A prominent student activist from Oxford University is resigning from her political posts and campaigns after admitting she failed to obtain full consent before having sex at a conference earlier this year.
Annie Teriba, a third-year student at Wadham college, was the editor of No Heterox** – described as a zine for queer and trans voices – as well as a racial equality officer and member of both the National Campaign Against Fees and Cuts committee and the NUS’s black students’ committee, according to the independent Oxford University newspaper Cherwell.
Teriba reportedly made the admission in a statement posted on her Facebook profile, which has since been deleted. She said she began a physical relationship with someone at the NUS black students’ conference in May, but was later told by the other person that the sex had not been consensual.
Teriba wrote: “This statement explains why I will be stepping down from political campaigning from now.
“At this year’s NUS black students’ conference, I had sex with someone. The other party later informed me that the sex was not consensual. I failed to properly establish consent before every act. I apologise sincerely and profoundly for my actions.
“I should have taken sufficient steps to ensure that everything I did was consensual. I should have been more attentive to the person’s body language. In failing to clarify that the person consented to our entire encounter, I have caused serious irreparable harm.”
Teriba also revealed that a similar incident occurred while she was under the influence of alcohol in a club in her first year of university, when she “touched somebody in a sexual manner without their consent”. She highlighted a number of steps she would be taking to show she was committed to transformation, including seeking help for alcohol consumption and from organisations that specifically deal with sexual violence.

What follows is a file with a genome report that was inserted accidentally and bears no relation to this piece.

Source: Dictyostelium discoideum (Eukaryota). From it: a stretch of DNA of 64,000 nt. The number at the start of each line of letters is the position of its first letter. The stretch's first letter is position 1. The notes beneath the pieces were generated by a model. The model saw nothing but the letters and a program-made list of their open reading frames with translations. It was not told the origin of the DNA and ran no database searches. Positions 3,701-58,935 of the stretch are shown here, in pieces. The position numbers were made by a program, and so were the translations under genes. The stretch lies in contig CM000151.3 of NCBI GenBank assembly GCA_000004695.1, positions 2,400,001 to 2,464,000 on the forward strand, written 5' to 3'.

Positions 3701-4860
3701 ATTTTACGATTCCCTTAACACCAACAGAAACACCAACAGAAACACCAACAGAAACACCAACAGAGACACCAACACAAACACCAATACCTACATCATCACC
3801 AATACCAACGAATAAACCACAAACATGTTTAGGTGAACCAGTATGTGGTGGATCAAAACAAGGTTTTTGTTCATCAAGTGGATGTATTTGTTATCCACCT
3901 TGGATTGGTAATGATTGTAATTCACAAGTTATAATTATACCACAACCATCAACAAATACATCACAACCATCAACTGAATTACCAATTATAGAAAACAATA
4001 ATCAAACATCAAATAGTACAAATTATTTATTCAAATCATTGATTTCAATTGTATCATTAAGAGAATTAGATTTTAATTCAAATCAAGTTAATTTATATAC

But the Women’s Campaign, an autonomous political group within Oxford University Student Union (OUSU), said Teriba’s admission was “rife with apologism”.
In a statement, it added: “Sexual assault is one of the most underreported crimes, especially at universities. Holding those responsible for sexual violence accountable means acknowledging the terrifying fact that violence against women is deeply ingrained in and normalised in our culture: education about the issues, campaigning for the rights of those affected, and continued vigilance about the behaviour we do not condone in our organisation is the only way forward.”
Lucy Delaney, OUSU’s vice-president for women, said: “In a society which silences survivors and which tolerates rape apologism it is essential that liberation spaces do not harbour or protect abusers, otherwise they are no better than the institutions which perpetuate oppression.”
Teriba did not respond to a request for comment.